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NEW YORK (
The Deal) -- Bubbles are colorful, shimmering things. And yet they're ephemeral and can vanish in a moment, leaving behind a sticky residue. The bigger the bubble, the bigger the mess when it bursts.
That's what has some investors in biotechnology companies concerned right now. Biotechs are raking in the dough after a long period in which they were pretty much frozen out of the initial public offering market. Plus valuations are at a high, which, if they deviate too much from the underlying asset's intrinsic value, can create another kind of bubble.
Clearly, the ice that formed following the 2008 banking crisis has melted. In all of 2012, there were 12 health care IPOs, according to IPO tracker Renaissance Capital, compared with 16 in the first half of this year. An additional 15 health care firms had gone public in the early weeks of the second half.
And several of those biotech IPOs have been priced higher than expected, becoming oversubscribed, or soaring in value on the first day of trading.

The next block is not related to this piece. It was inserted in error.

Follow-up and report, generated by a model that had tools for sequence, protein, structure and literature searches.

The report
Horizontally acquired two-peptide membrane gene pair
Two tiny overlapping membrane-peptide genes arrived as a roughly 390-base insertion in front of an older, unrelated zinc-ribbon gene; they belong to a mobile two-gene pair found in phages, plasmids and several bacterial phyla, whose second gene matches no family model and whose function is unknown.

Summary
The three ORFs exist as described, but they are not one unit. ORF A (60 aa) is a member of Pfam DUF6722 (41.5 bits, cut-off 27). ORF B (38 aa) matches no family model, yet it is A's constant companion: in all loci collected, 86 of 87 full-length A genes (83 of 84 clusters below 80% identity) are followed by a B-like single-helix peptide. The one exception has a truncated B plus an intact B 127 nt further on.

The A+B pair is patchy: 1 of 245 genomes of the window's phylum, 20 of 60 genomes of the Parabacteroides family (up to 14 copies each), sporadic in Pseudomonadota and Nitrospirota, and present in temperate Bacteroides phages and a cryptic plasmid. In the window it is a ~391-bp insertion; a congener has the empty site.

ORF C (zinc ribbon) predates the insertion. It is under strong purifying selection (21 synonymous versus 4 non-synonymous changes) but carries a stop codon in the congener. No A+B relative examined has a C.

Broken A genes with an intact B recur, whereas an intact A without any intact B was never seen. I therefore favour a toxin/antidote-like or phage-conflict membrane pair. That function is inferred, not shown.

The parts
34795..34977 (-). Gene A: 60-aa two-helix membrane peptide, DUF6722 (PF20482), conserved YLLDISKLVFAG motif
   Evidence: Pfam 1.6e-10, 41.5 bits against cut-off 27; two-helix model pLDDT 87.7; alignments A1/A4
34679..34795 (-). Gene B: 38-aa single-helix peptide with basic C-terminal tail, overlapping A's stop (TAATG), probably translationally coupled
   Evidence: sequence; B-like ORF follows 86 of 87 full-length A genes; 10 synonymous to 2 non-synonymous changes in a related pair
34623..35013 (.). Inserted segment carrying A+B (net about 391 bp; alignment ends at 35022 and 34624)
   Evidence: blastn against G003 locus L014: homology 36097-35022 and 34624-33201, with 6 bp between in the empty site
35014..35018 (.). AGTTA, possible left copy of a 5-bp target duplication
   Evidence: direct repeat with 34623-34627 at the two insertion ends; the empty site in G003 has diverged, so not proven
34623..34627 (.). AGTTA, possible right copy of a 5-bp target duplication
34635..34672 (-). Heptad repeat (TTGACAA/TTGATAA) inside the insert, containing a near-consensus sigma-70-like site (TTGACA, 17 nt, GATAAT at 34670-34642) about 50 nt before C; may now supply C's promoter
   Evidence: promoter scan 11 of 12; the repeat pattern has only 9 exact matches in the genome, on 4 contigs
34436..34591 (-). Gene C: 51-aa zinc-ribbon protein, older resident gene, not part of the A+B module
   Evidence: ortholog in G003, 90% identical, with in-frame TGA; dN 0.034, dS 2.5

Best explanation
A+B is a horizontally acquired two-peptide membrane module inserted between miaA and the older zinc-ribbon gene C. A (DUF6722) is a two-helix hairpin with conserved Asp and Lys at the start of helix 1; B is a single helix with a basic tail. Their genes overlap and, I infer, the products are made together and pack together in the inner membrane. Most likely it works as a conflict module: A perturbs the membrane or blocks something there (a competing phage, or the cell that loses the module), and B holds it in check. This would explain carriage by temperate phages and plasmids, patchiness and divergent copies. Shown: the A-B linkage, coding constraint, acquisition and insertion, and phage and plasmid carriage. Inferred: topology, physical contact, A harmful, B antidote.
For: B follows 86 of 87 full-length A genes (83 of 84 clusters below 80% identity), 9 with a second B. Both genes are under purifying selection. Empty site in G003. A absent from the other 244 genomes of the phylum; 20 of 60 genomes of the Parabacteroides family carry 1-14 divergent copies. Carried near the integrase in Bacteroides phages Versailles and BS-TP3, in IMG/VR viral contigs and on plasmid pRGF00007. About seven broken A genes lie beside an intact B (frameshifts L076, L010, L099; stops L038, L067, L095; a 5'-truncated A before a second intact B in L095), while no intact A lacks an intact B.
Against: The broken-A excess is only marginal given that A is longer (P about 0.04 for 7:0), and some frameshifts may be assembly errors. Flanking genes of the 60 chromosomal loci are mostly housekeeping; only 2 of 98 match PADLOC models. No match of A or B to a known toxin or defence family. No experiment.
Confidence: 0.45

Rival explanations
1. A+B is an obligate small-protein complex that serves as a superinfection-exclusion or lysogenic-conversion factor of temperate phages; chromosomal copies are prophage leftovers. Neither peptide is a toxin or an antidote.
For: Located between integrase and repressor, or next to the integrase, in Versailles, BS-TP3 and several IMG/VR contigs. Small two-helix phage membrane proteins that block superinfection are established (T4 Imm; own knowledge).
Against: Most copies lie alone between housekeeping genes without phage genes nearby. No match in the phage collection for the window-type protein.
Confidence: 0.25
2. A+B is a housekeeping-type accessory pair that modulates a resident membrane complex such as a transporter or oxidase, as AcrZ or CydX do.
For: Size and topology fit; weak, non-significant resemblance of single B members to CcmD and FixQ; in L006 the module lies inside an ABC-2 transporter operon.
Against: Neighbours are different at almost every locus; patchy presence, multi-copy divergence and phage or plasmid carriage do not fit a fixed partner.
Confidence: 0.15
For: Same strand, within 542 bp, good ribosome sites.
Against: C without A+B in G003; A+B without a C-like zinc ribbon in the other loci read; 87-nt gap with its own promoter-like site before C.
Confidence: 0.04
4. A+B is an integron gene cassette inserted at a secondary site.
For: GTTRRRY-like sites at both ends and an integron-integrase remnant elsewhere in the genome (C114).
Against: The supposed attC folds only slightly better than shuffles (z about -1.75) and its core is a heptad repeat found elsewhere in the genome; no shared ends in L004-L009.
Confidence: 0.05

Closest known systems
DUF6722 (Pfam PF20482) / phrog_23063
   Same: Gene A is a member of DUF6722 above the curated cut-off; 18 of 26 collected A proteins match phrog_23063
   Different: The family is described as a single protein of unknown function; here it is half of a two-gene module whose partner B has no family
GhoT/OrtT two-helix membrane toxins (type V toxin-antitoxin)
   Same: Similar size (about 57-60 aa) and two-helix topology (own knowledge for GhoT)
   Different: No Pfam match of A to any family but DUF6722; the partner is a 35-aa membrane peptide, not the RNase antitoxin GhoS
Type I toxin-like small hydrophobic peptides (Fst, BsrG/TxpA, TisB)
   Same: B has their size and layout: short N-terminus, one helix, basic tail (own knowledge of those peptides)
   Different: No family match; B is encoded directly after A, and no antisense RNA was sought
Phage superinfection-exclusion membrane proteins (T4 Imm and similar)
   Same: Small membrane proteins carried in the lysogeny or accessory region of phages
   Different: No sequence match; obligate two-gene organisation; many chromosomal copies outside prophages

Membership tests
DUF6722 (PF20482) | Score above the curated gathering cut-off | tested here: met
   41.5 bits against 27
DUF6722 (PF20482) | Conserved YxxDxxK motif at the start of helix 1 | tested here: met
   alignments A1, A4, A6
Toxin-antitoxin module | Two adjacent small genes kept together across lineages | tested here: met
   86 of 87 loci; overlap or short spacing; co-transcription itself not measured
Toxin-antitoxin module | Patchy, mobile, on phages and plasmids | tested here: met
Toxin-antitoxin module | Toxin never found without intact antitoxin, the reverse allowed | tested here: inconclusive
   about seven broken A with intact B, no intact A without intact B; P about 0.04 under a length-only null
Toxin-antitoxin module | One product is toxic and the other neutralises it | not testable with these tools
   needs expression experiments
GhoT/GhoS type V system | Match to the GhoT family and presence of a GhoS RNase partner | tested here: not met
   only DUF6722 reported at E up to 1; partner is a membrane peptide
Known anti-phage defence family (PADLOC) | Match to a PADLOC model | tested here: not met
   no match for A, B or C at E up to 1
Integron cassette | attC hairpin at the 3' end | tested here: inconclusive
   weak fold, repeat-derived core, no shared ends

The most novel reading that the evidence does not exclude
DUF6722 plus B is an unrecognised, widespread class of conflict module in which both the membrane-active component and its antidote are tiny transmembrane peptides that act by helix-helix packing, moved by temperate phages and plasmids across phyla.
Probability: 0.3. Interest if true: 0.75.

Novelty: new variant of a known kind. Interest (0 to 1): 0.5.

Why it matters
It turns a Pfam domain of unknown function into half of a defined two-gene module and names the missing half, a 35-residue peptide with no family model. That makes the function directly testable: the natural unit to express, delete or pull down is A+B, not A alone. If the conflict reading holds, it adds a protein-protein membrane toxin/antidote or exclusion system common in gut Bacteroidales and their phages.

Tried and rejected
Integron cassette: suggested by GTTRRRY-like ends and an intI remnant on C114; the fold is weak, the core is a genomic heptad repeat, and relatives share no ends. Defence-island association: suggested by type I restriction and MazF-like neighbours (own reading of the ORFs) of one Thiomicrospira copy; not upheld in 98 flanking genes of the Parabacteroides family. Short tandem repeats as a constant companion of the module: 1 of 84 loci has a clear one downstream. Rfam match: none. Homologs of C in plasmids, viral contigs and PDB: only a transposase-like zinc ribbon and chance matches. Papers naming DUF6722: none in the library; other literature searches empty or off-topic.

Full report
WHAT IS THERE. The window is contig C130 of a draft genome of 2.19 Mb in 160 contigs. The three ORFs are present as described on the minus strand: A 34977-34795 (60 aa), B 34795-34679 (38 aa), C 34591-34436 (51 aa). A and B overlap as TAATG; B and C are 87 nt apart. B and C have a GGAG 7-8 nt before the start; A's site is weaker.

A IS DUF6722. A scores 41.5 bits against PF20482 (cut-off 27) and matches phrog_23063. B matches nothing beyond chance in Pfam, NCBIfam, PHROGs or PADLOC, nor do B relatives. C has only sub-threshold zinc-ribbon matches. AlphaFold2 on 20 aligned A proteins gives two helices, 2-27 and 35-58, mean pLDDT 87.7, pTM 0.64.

"The biotechs were generally well received, with an average total return of 36%. Two biotechs,
bluebird bio(BLUE - Get Report) and
Epizyme(EPZM - Get Report), experienced a first-day pop of over 50% for the first time since 2004," Renaissance Capital said in a second-quarter report. Such a cycle builds upon itself, the report said. "With 16 biotech IPOs completed year-to-date, 2013 is on track to be the most active year in over a decade. We believe the intersection of several industry trends, including an increased number of FDA drug approvals, a rise in risk tolerance among IPO investors, a decline in nondilutive funding from the government, and venture firms' push to liquidate holdings, has driven this revival."
Consider the example of synthetic gene sequencer
Intrexon Corp.(XON - Get Report), of Germantown, Md., which began trading on the New York Stock Exchange Aug. 9 under the ticker symbol XON. Sources said it was 15% to 20% oversubscribed and sold 11.5 million shares at $16 apiece, clearing about $160 million. In addition, it traded on its first day up more than 50%, for a new market cap of about $2 billion.